CHRISTENSEN: It does. I think - I think it matches. The prosecutors did a good job presenting the evidence.

CUOMO: There is a sound bite from Dr. Tobin that mattered to you, and you think resonated with the jury. I want to play it for the audience. And then you can tell us why. Here it is.


DR. MARTIN TOBIN, PULMONARY EXPERT/EXPERT WITNESS: A healthy person subjected to what Mr. Floyd was subjected to, would have died, as a result of what he was subjected to.

You can see his eyes. He's conscious. And then, you see that he isn't.

That's the moment the life goes out of his body.


CUOMO: You say this was the moment that convinced you. Why? CHRISTENSEN: Because you could - Mr. Tobin was really - Dr. Tobin was really spot-on, when he said what he said to us. He could relate it to the video. We could see what he was saying. We understood what he was saying. And it just - it just matched.

CUOMO: The idea going into it was, the video was so powerful, 9 minutes 29 seconds. It was so much time, for the officer to make different choices, than he made, even if the original one was justified.

Was the video as overpowering, from what you could pick up, from people in the jury, as well?


CHRISTENSEN: I believe it was. I'm grateful that Ms. Frazier was there. I am grateful she had the courage to start filming it, because without her, I don't think we would be sitting here today.

CUOMO: At one point, you say, you saw, literally eye-to-eye, you met eye-to-eye with Chauvin, the officer. Tell me about that.

CHRISTENSEN: I did. We were just kind of, just by sitting arrangements, we were just kind of sitting across from each other.

So, in between him taking notes, me taking notes, looking at the lawyer's podium, and then switching, looking at the witnesses, on the witness stand, you just kind of look up and, once in a while, and we glanced at each other, probably at least five or six times, I would say.

CUOMO: You got any read on him?

CHRISTENSEN: I didn't. I mean, I don't think he was trying to send any kind of messages or anything like that. It just we both looked up. And it was - it was just, from where we were sitting.

CUOMO: Why do you think he did what he did?

CHRISTENSEN: One thing sticks out in my mind. I don't know why he did what he did, obviously.

But when they took that still photo, from the video that we seen, from Ms. Frazier, and he was on Mr. Floyd's neck, kind of look like his hand was either in his pocket, or on his hip, that he looked defiant to me.

I feel like he was reacting to the crowd, and kind of giving this message like, "I - this is my job. I'm a policeman. No one's going to tell me how to do my job. I'm going to do it the way I want to do it. No one's going to tell me differently."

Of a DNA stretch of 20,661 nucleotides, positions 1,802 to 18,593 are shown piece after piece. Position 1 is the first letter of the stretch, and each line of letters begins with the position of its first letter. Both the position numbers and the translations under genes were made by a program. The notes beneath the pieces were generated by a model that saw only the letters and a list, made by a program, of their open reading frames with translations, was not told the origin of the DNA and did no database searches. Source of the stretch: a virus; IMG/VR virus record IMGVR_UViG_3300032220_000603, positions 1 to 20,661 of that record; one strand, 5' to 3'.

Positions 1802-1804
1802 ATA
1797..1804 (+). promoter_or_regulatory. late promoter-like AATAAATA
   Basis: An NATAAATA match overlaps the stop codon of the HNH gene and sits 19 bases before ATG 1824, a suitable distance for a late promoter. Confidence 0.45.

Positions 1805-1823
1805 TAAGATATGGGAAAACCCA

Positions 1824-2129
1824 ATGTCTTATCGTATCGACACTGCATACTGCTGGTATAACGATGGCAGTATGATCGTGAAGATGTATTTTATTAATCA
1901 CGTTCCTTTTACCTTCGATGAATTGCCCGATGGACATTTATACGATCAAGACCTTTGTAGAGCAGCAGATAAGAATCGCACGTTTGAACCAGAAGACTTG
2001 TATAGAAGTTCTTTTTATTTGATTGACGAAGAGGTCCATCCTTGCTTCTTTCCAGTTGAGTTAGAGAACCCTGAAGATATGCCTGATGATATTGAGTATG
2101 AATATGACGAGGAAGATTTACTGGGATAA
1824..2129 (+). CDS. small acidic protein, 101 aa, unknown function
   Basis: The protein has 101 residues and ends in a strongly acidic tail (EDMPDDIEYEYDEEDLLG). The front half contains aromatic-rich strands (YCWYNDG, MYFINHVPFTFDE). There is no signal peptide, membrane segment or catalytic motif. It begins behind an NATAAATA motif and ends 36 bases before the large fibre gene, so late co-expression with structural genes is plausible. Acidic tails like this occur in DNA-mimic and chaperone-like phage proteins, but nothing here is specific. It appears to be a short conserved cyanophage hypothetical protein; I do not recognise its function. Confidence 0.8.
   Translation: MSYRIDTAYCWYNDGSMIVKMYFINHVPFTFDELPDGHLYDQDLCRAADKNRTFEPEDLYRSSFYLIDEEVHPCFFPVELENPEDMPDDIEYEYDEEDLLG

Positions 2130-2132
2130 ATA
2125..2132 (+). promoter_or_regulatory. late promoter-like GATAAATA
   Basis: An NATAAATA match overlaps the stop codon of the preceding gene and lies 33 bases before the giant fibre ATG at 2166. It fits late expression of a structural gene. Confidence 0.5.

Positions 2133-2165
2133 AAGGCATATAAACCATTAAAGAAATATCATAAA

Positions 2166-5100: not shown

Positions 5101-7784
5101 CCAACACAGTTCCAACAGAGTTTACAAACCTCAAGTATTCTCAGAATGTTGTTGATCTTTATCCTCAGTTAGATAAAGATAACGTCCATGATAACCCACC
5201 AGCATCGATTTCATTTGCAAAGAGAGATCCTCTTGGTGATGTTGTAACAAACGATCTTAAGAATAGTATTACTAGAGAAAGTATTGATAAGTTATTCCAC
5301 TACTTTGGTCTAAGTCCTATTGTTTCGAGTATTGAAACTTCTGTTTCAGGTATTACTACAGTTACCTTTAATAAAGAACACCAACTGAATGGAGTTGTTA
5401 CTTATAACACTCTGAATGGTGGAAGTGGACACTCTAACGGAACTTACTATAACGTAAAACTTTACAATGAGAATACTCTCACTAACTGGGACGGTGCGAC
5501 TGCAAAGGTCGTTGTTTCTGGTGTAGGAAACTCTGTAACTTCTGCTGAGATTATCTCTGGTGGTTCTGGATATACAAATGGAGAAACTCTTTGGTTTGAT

CUOMO: Well, now we know he didn't do his job. But you guys did, and it was not easy, especially in the climate that we're living in. And I appreciate the work that you did, for your community and the country.

Lisa Christensen, thank you very much.


CUOMO: Be well.

All right, we also have new details, tonight, on the sex trafficking investigation, into Congressman Matt Gaetz. This case started twisted, and is more pretzely now. And there's also more potential criminality that is introduced into the case because of a Bahamas trip that we know Gaetz was on.

What's the new information? What could it mean? One of the best, next.









CUOMO: Sources tell CNN, in addition to examining whether the Congressman had a sexual relationship with a 17-year-old girl, the Feds want to know if Gaetz took gifts, specifically travel, including a Bahamas trip, and paid escorts, in exchange for his political support for medical marijuana.

Gaetz has backed multiple legislative pushes, for medical marijuana, going way back, to his days, as a State Rep, in Florida. One of the people though, who accompanied Gaetz, on that trip to the Bahamas, was Jason Pirozzolo, a Florida doctor, who founded a medical marijuana advocacy group.

Here to help us unpack it is former Deputy FBI Director, Andrew McCabe.

Andrew, I'm going to help rush your Friday night, and we're going to flip it. Tell me why I care about this.

I still think if they can't connect Gaetz to paying for sex, with an underage person, Florida, the age is 18, the federal statute is 18, how are they going to get him on this money, travel, friends thing?


I think that with all the things that we've heard, he's being investigated for the sex trafficking issue is, to me, by far the most significant and, and perilous for the Congressman.

The public corruption, bribery issue that we've heard about, what CNN is reporting today, is a very - these are very, very hard cases to make.